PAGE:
Can you tell what it is?
No … it’s not a scene from a horror movie nor a sign from God, it’s the light from one of the new bedside clocks I bought recently.
And guess what, you can’t turn the fucking thing off.
It glows like a lighthouse all bloody night.
OK, to be fair, you can turn it off – because the light represents your iPhone is attached to it – however given this bedside clock has been created to work with the iPhone and has features directly related to having an iPhone, not connecting it kind of defeats the whole fucking point of having one.
Who designed this?
I’ll tell you, either someone who never turned the lights off or a fucking retard.
How hard would it be to incorporate a ‘light off’ button? Seriously …
This thing is supposedly from 29th century, alien technology and they can’t include a button to turn the fucking light off?
Hell, if they’re that lazy, they could have said it had an ‘incorporated night light’ but instead you get a bedside clock that looks like it’s sending a signal into the night sky, asking for Batman to come and help.
The problem with so many things in product development, marketing and advertising is that in our quest to get ahead, we focus on innovation and features rather than incorporating relevance, meaning and feeling – which is why I believe every department needs a person who can look at things objectively, not just supportively.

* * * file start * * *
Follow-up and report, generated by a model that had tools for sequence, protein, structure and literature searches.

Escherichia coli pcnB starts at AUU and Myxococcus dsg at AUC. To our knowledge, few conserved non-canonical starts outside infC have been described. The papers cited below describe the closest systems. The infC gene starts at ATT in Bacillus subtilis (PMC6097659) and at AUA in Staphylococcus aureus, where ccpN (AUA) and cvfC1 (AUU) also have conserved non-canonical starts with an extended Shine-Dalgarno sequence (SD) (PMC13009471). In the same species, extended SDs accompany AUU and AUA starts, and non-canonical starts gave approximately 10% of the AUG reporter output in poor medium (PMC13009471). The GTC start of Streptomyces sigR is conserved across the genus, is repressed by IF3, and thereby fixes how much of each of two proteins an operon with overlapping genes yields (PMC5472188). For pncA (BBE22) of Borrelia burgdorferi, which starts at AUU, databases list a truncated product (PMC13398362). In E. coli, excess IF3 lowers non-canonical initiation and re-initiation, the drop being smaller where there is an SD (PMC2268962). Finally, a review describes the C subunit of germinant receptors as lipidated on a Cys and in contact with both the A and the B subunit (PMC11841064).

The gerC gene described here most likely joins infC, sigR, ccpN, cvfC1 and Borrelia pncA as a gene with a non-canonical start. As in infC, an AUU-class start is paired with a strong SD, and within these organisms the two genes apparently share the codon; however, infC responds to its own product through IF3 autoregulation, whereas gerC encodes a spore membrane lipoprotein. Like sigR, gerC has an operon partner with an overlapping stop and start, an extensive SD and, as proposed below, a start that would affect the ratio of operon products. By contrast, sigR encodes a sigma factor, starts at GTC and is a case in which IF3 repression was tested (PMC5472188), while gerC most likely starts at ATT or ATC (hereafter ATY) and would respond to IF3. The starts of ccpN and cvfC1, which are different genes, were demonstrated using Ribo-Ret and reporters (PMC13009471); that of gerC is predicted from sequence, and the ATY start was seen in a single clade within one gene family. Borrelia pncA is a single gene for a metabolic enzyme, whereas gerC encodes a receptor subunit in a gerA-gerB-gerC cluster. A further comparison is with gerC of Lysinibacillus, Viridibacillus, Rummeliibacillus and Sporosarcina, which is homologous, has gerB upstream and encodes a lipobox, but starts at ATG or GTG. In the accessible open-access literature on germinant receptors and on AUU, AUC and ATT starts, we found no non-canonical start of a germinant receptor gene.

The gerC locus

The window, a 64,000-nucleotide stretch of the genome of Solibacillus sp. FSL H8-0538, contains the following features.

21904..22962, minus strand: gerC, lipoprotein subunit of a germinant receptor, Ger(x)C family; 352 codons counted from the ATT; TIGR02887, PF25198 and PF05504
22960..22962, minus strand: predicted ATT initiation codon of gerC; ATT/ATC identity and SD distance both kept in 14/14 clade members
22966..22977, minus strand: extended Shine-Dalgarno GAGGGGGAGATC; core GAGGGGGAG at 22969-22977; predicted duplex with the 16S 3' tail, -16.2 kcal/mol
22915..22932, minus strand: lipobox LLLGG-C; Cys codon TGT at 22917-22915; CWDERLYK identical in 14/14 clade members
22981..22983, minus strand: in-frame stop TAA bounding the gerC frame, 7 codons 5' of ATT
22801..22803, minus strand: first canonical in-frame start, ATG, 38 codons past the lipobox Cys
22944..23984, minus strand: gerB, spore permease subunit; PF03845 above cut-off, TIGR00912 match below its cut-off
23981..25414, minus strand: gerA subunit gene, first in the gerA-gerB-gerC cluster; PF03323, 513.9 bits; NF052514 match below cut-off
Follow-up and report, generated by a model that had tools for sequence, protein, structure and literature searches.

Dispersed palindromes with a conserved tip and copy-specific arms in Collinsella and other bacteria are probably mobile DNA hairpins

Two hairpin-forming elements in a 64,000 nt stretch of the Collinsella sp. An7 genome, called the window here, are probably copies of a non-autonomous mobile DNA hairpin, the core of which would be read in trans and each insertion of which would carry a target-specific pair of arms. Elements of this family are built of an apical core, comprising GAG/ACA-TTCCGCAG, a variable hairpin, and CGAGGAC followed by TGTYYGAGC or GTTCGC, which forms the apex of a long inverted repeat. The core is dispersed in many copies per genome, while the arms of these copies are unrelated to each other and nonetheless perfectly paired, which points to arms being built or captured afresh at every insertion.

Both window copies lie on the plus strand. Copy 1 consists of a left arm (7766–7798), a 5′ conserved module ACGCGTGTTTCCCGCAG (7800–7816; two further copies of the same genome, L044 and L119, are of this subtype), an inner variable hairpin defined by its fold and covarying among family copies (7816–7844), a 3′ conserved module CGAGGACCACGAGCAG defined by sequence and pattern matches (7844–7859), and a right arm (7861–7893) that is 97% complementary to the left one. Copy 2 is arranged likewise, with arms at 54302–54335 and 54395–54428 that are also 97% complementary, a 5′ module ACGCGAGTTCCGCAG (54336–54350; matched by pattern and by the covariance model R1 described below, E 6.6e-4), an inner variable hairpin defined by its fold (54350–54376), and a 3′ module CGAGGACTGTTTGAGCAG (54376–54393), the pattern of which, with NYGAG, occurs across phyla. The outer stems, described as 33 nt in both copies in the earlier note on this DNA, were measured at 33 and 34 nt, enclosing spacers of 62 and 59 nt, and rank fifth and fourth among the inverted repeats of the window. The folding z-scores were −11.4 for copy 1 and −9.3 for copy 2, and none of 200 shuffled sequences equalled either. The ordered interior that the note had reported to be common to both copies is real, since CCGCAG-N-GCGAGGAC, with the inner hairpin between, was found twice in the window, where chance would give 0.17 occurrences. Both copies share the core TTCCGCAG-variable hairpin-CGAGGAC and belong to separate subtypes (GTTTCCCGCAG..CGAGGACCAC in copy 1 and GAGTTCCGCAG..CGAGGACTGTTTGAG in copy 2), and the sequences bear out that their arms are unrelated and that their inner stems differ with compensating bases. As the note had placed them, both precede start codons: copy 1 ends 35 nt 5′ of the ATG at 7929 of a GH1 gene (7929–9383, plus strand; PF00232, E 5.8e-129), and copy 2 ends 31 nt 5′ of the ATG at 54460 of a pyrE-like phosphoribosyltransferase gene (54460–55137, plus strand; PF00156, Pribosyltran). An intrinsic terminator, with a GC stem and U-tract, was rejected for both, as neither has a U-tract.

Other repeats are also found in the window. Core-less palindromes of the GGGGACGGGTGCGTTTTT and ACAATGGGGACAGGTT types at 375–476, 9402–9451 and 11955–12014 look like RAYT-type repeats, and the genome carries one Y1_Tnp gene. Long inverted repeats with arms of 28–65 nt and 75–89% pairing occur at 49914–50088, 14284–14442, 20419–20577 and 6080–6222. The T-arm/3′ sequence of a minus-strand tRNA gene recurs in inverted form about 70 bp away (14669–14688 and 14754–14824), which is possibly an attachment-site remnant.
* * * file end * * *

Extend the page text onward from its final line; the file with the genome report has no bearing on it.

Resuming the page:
That doesn’t mean they are the miserable fucks of the office … the people who who kill every idea every day … I’m talking about people who make sure what is being done makes a modicum of sense – like having a bedside clock not have a light that makes sleeping a pain in the fucking arse.
These people shouldn’t just be planners, but planners should certainly be able to add an element of ‘common sense’ to the process because without them, anyone can convince themselves what they’ve come up with is right … only to have their self assured confidence smashed right back in their face when the people in the real World see what you’ve been spending all your time patting yourselves on the back for and telling you its shit.
Innovation is important.
Sometimes innovation is about features.
But to increase the odds that something you do is going to fly … relevance, meaning and feeling should not be optional elements, but mandatory.
Filed under: Comment
I’m writing this on the day my Mum leaves China to go back to Nottingham.
She hasn’t gone yet and I already miss her.
I cannot tell you the happiness I’ve felt walking into a room and seeing my Mum there.